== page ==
The Washington Post opinion writer E.J. Dionne Jr.’s recent column “Where goes the neighborhood?” (August 10, 2014) recognizes America’s changing concept of “neighborliness” and proffers two new books to spur discussion of America’s ideological split: Marc J. Dunkelman’s The Vanishing Neighbor and Paul Robert’s The Impulse Society.
Dionne reports how Dunkelman identifies a loss of neighborly “middle ring” relationships (those who live nearby) as Americans now spend time primarily with groups of similar interests—at the expense of developing an understanding of those with more diverse outlooks. Roberts’ Impulse Society speaks of a “culture driven by impulses” at the expense of family and community.
Dionne points out that both authors are careful not to fall into the nostalgic trap of a rosy bygone era with fewer rights, but still finds value in the neighborliness.
Dionne acknowledges at the end of the column Bill Bishop’s The Big Sort: Why the Clustering of Like-Minded America is Tearing us Apart. Bishop’s book asserts our communities are becoming increasingly less homogeneous at the city and neighborhood level.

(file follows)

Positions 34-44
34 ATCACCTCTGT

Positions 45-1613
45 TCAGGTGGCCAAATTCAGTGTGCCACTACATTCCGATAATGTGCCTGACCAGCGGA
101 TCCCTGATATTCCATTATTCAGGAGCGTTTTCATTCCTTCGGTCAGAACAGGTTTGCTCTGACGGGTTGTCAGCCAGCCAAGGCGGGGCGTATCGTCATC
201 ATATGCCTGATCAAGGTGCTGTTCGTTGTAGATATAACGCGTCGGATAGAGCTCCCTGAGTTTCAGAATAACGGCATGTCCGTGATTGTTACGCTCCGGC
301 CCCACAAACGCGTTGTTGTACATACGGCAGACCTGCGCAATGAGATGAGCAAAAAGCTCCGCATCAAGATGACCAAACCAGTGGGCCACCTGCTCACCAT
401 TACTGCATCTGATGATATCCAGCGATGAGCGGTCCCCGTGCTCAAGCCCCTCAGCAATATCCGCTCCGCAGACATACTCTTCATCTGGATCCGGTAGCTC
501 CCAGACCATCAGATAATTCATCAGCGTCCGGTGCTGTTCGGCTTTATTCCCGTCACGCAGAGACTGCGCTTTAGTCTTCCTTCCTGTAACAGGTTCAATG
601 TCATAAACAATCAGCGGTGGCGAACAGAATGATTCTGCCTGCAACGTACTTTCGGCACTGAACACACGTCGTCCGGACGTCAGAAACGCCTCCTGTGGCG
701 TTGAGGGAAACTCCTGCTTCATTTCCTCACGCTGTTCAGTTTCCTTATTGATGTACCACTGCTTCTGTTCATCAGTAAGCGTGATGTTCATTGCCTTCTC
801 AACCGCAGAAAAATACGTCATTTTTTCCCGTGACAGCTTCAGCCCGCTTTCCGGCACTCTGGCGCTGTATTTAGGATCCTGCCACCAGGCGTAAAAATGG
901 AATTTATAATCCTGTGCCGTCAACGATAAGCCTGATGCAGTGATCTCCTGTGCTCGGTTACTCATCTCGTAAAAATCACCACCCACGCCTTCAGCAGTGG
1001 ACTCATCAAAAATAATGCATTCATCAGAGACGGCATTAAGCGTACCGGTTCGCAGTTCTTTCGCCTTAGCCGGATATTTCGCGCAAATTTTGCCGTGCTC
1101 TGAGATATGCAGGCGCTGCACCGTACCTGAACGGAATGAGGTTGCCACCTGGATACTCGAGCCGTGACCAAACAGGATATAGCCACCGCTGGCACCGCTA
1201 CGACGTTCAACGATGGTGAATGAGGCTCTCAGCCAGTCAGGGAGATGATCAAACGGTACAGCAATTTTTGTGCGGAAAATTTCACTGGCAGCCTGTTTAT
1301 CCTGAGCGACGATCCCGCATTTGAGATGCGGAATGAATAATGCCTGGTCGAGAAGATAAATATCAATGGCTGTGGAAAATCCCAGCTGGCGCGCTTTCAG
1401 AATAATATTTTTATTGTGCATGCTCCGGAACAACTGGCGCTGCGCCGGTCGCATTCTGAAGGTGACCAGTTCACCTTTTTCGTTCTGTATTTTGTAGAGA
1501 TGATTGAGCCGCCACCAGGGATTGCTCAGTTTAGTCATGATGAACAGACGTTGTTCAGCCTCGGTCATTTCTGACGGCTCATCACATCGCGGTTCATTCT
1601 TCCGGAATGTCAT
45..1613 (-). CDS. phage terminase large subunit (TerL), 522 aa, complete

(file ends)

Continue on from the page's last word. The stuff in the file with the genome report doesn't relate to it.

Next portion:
In the end then, a return to neighborliness apparently won’t result in greater exposure to a diversity of ideologies as Americans have clustered into like-minded ZIP codes with similar lifestyle preferences.
Or does it?
In 2013, The Washington Post provided a series of maps of the 2012 presidential election illustrating how we are not red or blue (politically speaking), but primarily purple. At the Census tract level and even to the precinct level, most Americans, the article points out, live in communities somewhere in the middle.
Thus, in one view, taking a microscope approach to community finds increasing homogeneity and polarization; whereas in another view, partisanship, while in strong force on the American landscape, is difficult to detect at a geographic scale.
Maps by Chris Howard: